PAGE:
Ingredients (makes 4 skewers)
1 cup (about 300 g) freshly cooked hot rice
10 g roasted walnuts
10 g parched white sesame seeds
2 tbsp sugar
1 tsp soy sauce
2 tbsp miso (“akamiso” if available)
2 tbsp water
4 disposable chopsticks (or other wooden sticks)
How to Make
1. Grind the walnuts and white sesame seeds in a suribachi (mortar). Alternatively, put the ingredients in a plastic bag and crush with a rolling pin. Soak the chopsticks in water.
2. Combine (A) in a skillet, turn the heat on, and stir with a wooden spatula. Bring to a boil and immediately turn the heat off. Stir in the ground walnuts and sesame seeds.
3. Place the freshly cooked rice in a bowl and mash with a damp rolling pin until slightly grainy. With wet hands, divide into 4 portions, wrap each firmly around chopsticks, and shape into a flat oval cake (the shape of waraji straw sandal). Cool to let the surface dry.
4. Using the back of a spoon, coat one side of the goheimochi with the miso sauce. Cook on a grill (built into your kitchen stove or other) for 2–3 minutes until brown. Coat the other side with miso sauce and cook.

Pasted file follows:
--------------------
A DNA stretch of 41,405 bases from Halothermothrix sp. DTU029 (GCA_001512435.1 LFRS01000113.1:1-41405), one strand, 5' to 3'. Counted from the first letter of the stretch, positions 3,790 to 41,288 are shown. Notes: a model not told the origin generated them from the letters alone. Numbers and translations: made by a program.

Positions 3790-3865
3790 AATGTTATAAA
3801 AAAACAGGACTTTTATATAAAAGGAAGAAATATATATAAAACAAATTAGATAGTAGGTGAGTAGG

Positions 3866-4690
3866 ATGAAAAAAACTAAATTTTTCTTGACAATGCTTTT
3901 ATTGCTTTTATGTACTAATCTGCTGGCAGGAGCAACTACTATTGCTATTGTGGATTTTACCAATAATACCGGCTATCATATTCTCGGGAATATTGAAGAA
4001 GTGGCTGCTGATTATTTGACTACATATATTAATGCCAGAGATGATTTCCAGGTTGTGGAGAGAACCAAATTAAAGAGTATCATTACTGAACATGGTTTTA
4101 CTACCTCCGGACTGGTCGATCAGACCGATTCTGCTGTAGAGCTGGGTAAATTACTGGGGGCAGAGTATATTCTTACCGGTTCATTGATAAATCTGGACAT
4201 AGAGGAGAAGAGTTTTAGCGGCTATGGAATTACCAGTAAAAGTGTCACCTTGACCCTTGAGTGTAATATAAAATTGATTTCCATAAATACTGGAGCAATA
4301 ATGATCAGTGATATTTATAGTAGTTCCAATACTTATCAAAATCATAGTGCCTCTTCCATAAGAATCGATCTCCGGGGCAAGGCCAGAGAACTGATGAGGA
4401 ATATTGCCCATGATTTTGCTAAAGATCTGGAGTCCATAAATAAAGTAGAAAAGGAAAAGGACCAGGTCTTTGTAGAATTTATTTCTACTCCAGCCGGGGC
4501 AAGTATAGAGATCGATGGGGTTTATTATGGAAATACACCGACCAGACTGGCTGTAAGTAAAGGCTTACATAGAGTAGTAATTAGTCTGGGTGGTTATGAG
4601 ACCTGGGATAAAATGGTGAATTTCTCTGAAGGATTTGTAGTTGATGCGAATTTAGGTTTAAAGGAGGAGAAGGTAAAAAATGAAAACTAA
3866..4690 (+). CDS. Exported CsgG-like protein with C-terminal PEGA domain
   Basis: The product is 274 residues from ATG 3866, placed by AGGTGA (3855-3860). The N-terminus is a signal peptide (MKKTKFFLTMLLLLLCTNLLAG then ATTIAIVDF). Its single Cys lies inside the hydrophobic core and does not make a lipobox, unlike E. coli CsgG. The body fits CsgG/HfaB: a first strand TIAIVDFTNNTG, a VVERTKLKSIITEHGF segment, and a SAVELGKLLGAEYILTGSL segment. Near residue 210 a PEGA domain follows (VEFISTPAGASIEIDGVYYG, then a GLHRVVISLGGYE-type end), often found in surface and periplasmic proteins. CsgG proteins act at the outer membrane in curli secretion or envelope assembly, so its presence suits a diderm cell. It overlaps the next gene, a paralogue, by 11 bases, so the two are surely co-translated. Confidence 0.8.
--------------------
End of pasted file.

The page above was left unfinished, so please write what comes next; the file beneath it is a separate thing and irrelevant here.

Goheimochi is a rice cake that’s enjoyed anytime during the day as a snack, a quick bite, or as a tasty treat. In Gifu, locals buy it at specialty goheimochi shops and at corner dango dumpling shops. Some residents make it at home. The highlight is the burnt aroma of sweet miso sauce. Originally, this was produced by cooking over a charcoal fire. Whereas akamiso (red miso) generally refers to any reddish colored miso, in the Tokai region it refers exclusively to mamemiso (soybean miso) made from a 100% soybean base without rice.
Homemade goheimochi is fun to prepare and looks most authentic when you thread it onto chopsticks or wooden skewers. Then again, it’s easier and quicker to form balls of rice only and cook it in a skillet. But to produce that delicious burnt aroma, I recommend cooking it over a grill on the kitchen stove. And if you’re ever in Gifu, try the local goheimochi, too.
minokamo | Cookery expert / Photographer
Gifu Prefecture native minokamo’s culinary adventures were inspired by her fond childhood memories of cooking with her grandmother. She researches, writes about, and arranges regional dishes that capture, through their preparation and presentation, sensory enjoyments inspired by local climate, history, and lifestyles. Ryori tabi kara tadaima (Back from a Cooking Journey; Fudosha), published in September 2020, is a collection of recipes from minokamo’s visits to homes up and down Japan.